ZIMBABWE national soccer team coach, Jose Claudinei Georgini â€“â€“ otherwise known as Valinhos â€“â€“ should come out of his closet and start managing the team in a way that identifies with him.
So far the Brazilian has been conservative in his playing style and selection approach: preferring long balls from the back without methodical build-ups, and recycling players used by his predecessors.
Valinhos could justify this as a result-oriented approach which has produced him two commendable results at these early stages of 2010 World Cup/African Nations Cup qualifiers â€” a draw away to pre-qualifiers favourites Guinea, who however currently anchor the bottom of the table â€” and a home win against an out-of-sorts Namibian side last weekend. But is it a result-oriented approach? I call it fear of failure. It seems Valinhos is shying away from the risks of injecting new blood into the team and introducing his own style of football lest he exposes himself.
But if he is not careful, his play-it-safe approach could have the complete opposite result: if the Warriors fail with the zero-risk style, Valinhosâ€™ downfall will be harder than if he was a brave coach who expressed himself more and made bold decisions.
Valinhos will do himself a lot of good if he settles for his own tactics and players. If he brings out the shrewdness and fails with it, so be it. At least he would have tried. Itâ€™s a matter of principle. In fact, that is what is expected of a coach brought all the way from the Mecca of Football, Brazil.
Talking of failure at this stage may sound pessimistic to some people considering the position the Warriors find themselves in after two games. But football is a funny game as proven by the turn of events so far in the group the Warriors are. Earlier I made reference to Guineaâ€™s defeat at the hands of Kenya, themselves losers to Namibia in their opening match.
The same fate befalling Zimbabwe cannot be ruled out if the trend of shock results is anything to go by.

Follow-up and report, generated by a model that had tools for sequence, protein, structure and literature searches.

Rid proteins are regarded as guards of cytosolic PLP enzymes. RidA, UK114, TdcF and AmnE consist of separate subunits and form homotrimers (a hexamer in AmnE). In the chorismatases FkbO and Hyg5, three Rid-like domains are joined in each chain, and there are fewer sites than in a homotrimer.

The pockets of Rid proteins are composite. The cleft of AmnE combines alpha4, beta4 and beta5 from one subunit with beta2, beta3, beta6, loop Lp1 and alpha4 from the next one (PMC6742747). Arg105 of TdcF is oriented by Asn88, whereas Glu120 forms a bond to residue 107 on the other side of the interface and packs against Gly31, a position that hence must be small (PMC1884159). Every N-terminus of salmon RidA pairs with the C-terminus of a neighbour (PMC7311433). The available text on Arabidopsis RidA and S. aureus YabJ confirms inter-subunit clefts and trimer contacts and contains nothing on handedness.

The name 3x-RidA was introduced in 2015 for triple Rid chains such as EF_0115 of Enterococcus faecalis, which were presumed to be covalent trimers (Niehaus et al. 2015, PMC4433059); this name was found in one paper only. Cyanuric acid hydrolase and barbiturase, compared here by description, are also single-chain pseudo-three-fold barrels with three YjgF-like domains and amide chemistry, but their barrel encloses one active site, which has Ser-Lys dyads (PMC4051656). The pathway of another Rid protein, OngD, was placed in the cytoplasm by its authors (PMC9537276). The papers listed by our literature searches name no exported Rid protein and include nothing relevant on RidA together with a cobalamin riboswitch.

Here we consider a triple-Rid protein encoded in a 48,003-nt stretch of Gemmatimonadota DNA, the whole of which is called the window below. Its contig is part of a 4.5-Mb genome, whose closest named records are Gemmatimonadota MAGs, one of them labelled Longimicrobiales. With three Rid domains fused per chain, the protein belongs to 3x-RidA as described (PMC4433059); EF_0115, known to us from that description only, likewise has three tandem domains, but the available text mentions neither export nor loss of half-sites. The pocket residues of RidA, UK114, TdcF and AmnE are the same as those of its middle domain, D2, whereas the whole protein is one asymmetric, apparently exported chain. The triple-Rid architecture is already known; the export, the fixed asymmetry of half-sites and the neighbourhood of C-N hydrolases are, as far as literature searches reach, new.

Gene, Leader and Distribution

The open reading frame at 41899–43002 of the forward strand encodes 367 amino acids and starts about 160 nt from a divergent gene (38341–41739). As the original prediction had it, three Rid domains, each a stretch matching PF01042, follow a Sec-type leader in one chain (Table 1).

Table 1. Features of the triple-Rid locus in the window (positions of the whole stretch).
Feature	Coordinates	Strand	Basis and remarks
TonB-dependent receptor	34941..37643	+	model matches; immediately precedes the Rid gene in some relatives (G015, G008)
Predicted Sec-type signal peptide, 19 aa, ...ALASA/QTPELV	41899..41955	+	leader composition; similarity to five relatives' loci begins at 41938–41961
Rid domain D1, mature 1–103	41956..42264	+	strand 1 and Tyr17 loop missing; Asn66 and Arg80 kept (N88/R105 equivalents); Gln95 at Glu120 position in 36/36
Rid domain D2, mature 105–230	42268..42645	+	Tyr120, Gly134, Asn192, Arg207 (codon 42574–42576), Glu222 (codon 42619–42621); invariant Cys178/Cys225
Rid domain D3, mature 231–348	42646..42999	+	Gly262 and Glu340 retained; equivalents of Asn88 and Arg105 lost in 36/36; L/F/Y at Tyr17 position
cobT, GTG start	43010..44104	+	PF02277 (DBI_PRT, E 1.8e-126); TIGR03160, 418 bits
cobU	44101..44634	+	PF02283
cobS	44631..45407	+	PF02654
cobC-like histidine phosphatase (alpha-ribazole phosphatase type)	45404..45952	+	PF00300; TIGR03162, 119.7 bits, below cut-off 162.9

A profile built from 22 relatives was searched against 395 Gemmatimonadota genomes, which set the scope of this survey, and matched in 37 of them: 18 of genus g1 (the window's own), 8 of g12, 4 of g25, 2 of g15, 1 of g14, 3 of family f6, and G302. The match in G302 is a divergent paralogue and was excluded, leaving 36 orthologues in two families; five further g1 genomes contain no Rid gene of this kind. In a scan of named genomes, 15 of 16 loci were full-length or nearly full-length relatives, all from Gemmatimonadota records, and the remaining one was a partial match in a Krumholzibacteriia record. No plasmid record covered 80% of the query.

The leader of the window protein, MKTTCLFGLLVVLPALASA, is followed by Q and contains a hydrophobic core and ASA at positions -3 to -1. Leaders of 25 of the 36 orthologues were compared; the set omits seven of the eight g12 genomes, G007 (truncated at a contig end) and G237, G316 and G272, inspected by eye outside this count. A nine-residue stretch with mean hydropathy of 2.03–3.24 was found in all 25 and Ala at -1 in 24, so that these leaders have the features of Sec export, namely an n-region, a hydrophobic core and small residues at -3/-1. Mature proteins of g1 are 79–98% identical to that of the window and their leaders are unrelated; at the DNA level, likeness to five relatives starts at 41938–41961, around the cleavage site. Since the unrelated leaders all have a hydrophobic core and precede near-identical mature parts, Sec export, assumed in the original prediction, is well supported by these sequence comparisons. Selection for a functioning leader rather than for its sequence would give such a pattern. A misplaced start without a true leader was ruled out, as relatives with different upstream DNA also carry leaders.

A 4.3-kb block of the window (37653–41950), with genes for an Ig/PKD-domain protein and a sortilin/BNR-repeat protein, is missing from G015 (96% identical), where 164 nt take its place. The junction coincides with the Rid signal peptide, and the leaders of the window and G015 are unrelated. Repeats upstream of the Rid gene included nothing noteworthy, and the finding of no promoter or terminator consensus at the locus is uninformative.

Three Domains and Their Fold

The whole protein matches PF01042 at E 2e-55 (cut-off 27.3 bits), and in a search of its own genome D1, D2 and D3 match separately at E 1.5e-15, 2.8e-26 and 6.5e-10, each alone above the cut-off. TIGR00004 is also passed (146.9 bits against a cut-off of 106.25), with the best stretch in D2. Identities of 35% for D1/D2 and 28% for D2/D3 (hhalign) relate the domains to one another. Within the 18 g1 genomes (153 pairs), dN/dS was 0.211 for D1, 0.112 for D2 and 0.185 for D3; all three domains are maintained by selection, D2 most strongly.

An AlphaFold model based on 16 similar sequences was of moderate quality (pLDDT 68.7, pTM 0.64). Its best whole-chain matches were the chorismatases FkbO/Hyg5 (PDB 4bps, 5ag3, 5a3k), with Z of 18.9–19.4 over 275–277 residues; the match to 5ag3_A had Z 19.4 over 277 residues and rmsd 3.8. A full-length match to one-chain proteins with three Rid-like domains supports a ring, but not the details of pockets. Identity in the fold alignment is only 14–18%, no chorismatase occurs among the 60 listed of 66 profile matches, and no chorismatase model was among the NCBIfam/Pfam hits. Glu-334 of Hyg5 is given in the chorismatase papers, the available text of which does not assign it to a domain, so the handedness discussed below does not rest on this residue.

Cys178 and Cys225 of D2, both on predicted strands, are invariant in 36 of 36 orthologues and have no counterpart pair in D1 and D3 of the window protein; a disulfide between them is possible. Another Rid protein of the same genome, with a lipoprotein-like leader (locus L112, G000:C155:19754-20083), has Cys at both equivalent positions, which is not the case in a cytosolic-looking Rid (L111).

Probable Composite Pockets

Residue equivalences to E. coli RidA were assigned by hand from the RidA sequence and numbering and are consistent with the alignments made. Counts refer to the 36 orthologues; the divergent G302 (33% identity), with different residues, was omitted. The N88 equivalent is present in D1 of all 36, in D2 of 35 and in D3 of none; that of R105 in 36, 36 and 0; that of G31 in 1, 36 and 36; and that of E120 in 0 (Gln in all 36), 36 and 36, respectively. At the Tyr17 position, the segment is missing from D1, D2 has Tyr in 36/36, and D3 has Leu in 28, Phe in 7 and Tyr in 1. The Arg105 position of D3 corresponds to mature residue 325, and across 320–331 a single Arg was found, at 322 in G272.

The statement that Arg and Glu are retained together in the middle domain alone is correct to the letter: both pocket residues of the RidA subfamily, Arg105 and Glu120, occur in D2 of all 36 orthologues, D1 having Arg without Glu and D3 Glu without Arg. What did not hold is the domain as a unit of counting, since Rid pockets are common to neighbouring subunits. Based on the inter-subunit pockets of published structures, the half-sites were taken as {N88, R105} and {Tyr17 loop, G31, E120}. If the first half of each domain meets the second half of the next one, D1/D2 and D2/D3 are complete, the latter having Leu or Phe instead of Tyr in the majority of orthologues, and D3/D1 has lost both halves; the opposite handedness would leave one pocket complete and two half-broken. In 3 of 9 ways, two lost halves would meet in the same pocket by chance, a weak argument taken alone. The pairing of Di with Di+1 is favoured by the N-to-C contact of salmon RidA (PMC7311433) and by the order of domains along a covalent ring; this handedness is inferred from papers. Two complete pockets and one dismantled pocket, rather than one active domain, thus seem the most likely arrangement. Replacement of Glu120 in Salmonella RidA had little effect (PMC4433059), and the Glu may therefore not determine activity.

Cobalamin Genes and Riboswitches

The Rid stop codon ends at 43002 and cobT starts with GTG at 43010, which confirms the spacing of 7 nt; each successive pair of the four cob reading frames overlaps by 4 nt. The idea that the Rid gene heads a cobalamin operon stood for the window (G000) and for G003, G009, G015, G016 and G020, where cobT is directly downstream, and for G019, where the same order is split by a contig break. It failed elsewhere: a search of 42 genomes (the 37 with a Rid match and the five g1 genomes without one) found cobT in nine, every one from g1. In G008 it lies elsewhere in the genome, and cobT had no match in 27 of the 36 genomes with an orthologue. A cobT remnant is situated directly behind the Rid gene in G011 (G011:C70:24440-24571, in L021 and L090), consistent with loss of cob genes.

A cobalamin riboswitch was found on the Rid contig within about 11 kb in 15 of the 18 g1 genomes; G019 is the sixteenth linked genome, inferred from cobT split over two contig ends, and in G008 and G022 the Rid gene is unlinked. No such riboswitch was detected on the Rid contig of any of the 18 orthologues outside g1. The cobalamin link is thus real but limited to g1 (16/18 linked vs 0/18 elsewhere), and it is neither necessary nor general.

Against Namibia, the team used by Valinhos was slow and lacked creativity. To start with, he didnâ€™t use a natural playmaker. Perhaps Harlington Shereni, who played in an unusual central midfield role, was the man who was supposed to supply all the telling passes and create space for his teammates. But the France-based defender clearly does not possess these attributes.Watching the Namibia match, I got the feeling that apart from forcing selections, something is amiss in Valinhosâ€™ team. There are some players, new or old, who are being left out.
Why force matters with Shereni when you have Vusa Nyoni in the squad, a natural playmaking midfielder?
There are also players waiting in the wings such as Ovidy Karuru. Iâ€™ve not had the opportunity to watch the Masvingo United young ace, but media colleagues whose views I trust rate him very highly. The material Valinhos currently has at his disposal does not suit the 4-4-2 formation he uses. Both his wingers â€” Cephas Chimedza and Joseph Ngwenya â€” are slow on the ball in an era where deceptive, fast and skillful wide players are used to initiate attacks.
Chimedza might have the skill, but as winger he is out of position. He could fit in at left-back where he has played before, but with young Onismor Bhasera shining in that position, his place in the team cannot be safely guaranteed.
Admittedly, Zimbabwean players are traditionally short on pace and skill, thus the organised type of football based on solid defence and counter attacking has been the preferred style by previous Warriors coaches.
But international sides such as Germany and Italy, who are renowned for this type of football, also use pace on the break to maximise the effectiveness of this otherwise defensive style. Sunday Chidzambwa used this style effectively during his reign. It worked for him because he had the crafty Ronald Sibanda in a playmaking role, and such men as Peter Ndlovu and Joel Lupahla could easily turn defense into splitting attack with their pace.
Valinhos does not have the same quality in his side; or he is ignoring it.